I go over those last moments over and over again for the next 12 years. Was there something I could have done differently? Why I was the one in the room with him at that moment? What else could have have said to him before I lost the chance to say anything more?
February 17, 2011: A giant package arrives in the mail addressed to me. I open it and find about 50 pictures inside, sent to me by my cousin. She was helping my 89-year-old Grandma move into a smaller place and thought I’d be a good “manager” of these photos. I’m waiting for the kids to get home from school, so I have a moment to look through the pictures. The first one I pull out is this one:
And all the memories come rushing back.
This day would have been my father’s 64th birthday.
February 27, 2011: I start this blog post and the healing process. For the first time, I can write about these memories, although I’m not sure I’m ready to talk about them yet. When I look at that photo I see uncertainty in some faces and blissful ignorance in others. My parents know life is about to change. I do not.
That picture made me think about the family I have now and the life-changing event of my son’s autism diagnosis. I wondered if there was a photo of us before our world changed forever. I searched and searched and found this:
It was our holiday card for 2009. This was taken three months before our son’s diagnosis. As parents, we knew something was going on. Our kids had no clue.
Two life altering events for me. And the photos that trigger the memories.
I chose the Harry Chapin song “I Wonder What Would Happen To This World” for a reason. Harry Chapin was one of my father’s favorite singer/songwriters. In July 1981 we were overseas on vacation when he read the news of Harry Chapin’s death. I was young, so the memory is fuzzy, but I remember thinking this was one of the first times I had seen my father sad. The lyrics below from this song are on Harry Chapin’s headstone. I often think how different life would be for me now had the two events above not happened – if my father was still alive and if my son did not have autism. While writing this post, I have realized that it’s useless to think that way. What’s most important is how we take what is given to us and use it to change our corner of the world. To let go of the past trauma and stay in the present. And with that, I hope I can finally move on.
“Now if a man tried
To take his time on Earth
And prove before he died
What one man’s life could be worth
Well I wonder what would happen to this world” – I Wonder What Would Happen To This World by Harry Chapin
February 21, 2011
Every once in a while, someone comes along that reminds you that there are still good people out there.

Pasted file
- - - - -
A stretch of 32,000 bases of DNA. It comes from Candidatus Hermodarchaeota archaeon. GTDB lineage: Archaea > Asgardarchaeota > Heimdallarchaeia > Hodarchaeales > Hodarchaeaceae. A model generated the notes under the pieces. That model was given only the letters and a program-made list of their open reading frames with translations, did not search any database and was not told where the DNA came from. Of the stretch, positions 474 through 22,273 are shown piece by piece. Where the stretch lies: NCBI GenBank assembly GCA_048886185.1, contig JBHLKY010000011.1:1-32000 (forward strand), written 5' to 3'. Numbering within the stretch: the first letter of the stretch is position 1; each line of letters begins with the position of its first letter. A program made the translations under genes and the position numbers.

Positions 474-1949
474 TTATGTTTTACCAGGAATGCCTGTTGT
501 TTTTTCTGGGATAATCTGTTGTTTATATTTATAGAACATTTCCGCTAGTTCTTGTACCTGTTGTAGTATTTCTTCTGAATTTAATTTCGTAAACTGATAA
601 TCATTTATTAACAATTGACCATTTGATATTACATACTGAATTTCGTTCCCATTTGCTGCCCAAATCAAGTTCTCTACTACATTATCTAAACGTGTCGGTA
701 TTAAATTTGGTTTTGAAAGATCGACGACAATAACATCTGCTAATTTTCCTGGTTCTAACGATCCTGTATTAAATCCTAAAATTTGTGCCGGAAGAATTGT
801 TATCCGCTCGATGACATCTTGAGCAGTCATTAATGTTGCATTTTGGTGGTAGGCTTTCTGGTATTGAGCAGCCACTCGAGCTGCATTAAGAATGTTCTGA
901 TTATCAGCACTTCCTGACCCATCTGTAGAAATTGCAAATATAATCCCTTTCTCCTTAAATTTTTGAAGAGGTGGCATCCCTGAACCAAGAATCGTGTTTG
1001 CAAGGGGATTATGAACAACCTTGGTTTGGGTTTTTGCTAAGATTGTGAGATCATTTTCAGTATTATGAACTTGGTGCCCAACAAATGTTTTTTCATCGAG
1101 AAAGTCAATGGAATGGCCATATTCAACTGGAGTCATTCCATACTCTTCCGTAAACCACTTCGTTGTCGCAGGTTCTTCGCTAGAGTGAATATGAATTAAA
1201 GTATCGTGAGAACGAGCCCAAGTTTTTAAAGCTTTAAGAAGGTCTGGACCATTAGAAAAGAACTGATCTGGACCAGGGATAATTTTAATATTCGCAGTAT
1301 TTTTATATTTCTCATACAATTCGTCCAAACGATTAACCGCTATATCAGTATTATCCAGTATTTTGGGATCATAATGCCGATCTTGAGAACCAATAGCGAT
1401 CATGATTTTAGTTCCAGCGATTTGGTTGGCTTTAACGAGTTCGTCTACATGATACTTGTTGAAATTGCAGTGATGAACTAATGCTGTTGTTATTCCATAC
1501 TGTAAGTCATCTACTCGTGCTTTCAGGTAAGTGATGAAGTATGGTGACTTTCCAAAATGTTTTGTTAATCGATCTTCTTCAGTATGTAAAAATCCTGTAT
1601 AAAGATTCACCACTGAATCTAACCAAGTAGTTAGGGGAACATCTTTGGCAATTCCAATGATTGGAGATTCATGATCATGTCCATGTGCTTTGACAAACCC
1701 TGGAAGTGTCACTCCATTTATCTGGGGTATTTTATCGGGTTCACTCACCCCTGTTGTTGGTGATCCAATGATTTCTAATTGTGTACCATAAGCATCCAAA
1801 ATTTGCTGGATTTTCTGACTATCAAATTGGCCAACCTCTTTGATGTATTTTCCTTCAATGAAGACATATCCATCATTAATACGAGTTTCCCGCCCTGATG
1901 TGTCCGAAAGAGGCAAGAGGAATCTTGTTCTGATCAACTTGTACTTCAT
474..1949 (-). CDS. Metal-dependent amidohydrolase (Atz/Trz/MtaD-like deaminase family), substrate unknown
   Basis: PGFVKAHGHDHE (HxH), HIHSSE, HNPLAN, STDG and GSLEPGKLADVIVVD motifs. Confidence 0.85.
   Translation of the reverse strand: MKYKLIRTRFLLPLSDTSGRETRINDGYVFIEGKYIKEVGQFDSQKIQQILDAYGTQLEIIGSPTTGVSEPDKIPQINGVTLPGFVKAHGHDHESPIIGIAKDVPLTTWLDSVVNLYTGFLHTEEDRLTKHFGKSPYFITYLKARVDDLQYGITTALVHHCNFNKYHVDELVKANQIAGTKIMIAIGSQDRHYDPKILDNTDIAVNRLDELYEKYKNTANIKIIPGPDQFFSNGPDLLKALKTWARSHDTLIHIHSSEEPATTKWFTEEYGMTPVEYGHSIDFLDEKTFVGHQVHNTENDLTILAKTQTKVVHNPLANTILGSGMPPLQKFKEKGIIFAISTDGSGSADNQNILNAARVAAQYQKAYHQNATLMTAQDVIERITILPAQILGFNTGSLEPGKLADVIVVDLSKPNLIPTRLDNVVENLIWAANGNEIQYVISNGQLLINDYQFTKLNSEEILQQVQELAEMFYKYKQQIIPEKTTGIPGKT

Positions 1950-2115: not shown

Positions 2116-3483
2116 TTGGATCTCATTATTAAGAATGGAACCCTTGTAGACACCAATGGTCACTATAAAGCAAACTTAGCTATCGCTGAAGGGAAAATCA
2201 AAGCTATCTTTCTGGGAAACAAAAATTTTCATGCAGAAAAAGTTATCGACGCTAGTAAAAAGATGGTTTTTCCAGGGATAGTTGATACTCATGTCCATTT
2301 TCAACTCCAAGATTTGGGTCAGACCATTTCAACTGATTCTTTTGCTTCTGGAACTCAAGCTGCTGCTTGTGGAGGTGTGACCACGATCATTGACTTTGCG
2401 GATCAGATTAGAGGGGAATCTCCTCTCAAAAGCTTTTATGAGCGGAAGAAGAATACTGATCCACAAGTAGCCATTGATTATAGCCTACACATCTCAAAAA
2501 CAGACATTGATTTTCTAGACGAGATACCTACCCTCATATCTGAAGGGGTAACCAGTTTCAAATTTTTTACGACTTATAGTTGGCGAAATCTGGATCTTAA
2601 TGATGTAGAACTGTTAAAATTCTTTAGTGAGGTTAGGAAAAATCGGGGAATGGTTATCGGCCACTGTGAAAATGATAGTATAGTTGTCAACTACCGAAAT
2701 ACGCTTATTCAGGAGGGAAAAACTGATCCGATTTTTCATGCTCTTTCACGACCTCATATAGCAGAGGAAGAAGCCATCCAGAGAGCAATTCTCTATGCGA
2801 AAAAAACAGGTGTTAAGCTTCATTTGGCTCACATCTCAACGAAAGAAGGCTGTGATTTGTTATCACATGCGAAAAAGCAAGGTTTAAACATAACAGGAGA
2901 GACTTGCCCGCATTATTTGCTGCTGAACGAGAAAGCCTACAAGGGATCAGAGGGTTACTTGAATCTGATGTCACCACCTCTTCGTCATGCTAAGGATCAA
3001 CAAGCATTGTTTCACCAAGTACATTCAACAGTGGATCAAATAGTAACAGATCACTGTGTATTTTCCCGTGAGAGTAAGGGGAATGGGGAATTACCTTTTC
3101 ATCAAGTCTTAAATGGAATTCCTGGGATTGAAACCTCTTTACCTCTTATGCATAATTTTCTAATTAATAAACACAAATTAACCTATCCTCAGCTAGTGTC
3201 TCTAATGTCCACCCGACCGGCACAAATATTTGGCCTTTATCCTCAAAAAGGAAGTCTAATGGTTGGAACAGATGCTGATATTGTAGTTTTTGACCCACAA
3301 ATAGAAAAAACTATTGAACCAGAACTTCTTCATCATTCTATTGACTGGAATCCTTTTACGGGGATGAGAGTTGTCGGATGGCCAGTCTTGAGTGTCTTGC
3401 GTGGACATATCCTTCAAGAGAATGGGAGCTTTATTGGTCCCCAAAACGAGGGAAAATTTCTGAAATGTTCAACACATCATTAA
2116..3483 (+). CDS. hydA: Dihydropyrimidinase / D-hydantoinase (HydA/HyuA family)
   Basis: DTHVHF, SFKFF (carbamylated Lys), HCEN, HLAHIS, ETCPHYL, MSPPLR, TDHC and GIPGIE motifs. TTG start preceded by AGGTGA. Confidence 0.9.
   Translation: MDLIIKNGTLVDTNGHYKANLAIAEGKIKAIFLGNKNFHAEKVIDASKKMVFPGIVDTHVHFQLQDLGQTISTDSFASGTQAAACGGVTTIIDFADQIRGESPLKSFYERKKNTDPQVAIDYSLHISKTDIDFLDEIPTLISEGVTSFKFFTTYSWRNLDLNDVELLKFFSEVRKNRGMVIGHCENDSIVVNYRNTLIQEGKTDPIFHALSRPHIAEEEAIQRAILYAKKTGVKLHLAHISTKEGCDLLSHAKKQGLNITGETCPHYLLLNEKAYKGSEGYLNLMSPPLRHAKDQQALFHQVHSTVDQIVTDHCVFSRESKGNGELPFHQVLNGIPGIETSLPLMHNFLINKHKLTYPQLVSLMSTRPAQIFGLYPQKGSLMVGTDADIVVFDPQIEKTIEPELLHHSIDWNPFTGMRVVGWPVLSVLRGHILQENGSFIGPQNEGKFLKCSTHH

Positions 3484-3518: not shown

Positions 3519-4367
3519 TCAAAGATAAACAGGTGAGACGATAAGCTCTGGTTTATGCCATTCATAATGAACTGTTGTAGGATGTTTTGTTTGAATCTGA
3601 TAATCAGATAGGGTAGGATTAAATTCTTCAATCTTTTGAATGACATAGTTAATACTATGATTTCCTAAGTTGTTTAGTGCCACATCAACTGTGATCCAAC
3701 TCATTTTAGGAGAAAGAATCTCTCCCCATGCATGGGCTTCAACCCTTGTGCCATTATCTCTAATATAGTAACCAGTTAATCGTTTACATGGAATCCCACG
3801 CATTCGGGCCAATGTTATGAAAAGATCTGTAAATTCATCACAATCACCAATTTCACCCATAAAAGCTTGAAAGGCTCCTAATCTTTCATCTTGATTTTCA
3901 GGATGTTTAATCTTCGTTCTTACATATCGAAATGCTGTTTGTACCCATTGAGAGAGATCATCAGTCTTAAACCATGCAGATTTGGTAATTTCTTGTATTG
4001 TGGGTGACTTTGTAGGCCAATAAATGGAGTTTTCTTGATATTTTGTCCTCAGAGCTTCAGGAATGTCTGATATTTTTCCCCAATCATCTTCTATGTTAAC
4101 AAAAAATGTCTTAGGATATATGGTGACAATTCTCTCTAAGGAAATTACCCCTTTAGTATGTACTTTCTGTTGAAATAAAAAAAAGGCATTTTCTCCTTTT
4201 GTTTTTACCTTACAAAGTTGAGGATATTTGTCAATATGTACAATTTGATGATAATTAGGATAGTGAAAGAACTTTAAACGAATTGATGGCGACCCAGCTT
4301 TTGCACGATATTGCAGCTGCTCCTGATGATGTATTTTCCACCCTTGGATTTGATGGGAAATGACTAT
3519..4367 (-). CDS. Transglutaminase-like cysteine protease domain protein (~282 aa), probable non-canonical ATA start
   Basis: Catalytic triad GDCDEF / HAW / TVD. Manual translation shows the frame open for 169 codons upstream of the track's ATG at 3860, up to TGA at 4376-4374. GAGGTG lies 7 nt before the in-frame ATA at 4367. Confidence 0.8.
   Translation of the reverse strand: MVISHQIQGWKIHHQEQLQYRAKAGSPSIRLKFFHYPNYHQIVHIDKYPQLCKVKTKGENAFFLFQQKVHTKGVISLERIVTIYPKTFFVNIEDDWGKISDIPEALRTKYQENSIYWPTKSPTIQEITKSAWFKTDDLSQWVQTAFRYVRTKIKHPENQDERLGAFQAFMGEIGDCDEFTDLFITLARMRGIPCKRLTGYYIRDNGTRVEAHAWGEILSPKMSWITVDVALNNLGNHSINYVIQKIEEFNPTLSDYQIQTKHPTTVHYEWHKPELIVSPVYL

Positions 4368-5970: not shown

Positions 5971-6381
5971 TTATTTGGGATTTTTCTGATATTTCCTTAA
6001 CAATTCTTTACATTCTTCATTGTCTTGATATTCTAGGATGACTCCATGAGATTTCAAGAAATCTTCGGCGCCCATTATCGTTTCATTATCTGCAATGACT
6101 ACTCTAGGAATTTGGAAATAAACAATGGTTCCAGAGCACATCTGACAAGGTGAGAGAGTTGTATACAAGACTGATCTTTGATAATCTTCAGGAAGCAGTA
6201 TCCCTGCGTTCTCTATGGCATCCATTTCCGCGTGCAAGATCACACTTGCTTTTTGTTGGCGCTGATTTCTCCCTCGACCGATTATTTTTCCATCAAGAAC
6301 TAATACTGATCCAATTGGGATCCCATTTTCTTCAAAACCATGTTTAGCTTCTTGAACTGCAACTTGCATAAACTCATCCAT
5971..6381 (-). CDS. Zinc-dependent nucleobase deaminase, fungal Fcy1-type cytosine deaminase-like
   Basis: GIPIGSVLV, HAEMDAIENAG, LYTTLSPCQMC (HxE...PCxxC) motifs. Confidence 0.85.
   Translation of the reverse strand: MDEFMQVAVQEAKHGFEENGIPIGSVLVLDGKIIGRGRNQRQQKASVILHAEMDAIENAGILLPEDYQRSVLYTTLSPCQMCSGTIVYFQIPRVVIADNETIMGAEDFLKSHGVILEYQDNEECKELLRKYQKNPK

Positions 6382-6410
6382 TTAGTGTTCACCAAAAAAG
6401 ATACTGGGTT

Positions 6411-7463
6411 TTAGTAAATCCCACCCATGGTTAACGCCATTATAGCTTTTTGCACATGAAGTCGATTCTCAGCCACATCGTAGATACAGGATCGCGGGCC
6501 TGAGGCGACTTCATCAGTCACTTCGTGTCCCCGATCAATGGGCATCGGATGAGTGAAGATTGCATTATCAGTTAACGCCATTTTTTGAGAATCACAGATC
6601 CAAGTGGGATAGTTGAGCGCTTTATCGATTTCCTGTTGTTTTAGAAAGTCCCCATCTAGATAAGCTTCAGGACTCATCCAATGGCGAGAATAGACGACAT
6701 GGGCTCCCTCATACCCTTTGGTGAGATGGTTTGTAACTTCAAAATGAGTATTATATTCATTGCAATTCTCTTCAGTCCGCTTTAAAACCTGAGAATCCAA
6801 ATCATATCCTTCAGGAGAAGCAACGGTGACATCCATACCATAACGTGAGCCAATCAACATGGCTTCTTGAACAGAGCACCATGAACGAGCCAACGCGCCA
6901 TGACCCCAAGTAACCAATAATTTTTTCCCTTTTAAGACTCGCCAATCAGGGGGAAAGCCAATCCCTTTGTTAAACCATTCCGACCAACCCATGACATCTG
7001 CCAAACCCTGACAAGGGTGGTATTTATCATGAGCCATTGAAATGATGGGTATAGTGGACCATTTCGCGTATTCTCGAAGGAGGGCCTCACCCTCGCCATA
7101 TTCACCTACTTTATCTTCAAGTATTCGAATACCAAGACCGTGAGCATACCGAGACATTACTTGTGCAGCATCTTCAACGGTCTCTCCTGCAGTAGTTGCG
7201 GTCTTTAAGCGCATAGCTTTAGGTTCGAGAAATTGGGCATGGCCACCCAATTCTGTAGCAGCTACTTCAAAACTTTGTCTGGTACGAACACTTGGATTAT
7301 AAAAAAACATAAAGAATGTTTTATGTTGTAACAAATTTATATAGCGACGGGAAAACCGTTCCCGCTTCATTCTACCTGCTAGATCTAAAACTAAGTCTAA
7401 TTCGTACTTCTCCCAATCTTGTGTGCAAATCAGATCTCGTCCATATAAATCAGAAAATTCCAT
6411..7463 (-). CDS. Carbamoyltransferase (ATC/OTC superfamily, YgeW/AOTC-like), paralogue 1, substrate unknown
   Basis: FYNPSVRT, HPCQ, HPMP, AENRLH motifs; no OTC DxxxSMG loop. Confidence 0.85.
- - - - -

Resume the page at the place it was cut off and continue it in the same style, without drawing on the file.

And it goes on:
For me, it’s my son’s special needs van driver.
Friday was Howie’s last day on the van until his summer program starts before kindergarten. The van was starting to fill up due to additional eligible students at the elementary school. To alleviate this overcrowding issue, the district asked the preschool to reexamine which kids really needed to ride the van, and which kids could be picked up by their parents.
In following the letter of the law, Howie’s disability did not rise to the standard of needing the van for preschool. The “normal” mode of transportation for the preschool is by car, and Howie’s autism does not affect his ability to ride with me home from school, especially since I was already driving him there. So with an amended IEP assuring us that he would be back on the van for the summer program and for kindergarten (because he cannot ride the regular school bus), we agreed to drive him to and from school until the end of the school year.
This was a difficult decision for me. As I wrote in my first post for Hopeful Parents, the van was my first real public acceptance of his autism. Selfishly, it also gave me an additional 45 minutes each day to myself. Lewis would nap in the afternoon and I could have that time to write, make phone calls or catch up on Glee while I waited for the van to bring Howie home.
And Howie loves riding in that van…and the van driver.
So on Thursday, right before his last day, I wrote Ms. J (the van driver) this note:
I just wanted to take a moment to thank you for everything you’ve done for Howie this year on the van. As you know, Friday will be his last day riding with you until he starts his program for kindergarten. I have yet to tell him, because I know how sad he is going to be.
I know I said this to you at Christmastime, but I wanted to formally tell you what an important part of Howie’s school life you have been this year. We see you as an extension of his school day, as one of his teachers. Your use of “red” and “green” choices on the van is consistent with the words he hears in the classroom, and that continuity is so important for him. He has learned incredible social skills while riding with you as he interacts with you and his peers. When he gets home, I hear about Fred the Horse and how salt melts the ice on the road and how many satellites he’s seen that day. All those things have come from you. The ride home with you has been a great transition from his day at school to life at home, and we will all miss seeing you every day.
I know you don’t usually do the summer van run, but I hope you will be back driving again in the fall. Seeing you pull into the driveway that first morning will help make Howie’s move to kindergarten so much easier. For me and for him, since we will all know he’s in such good hands.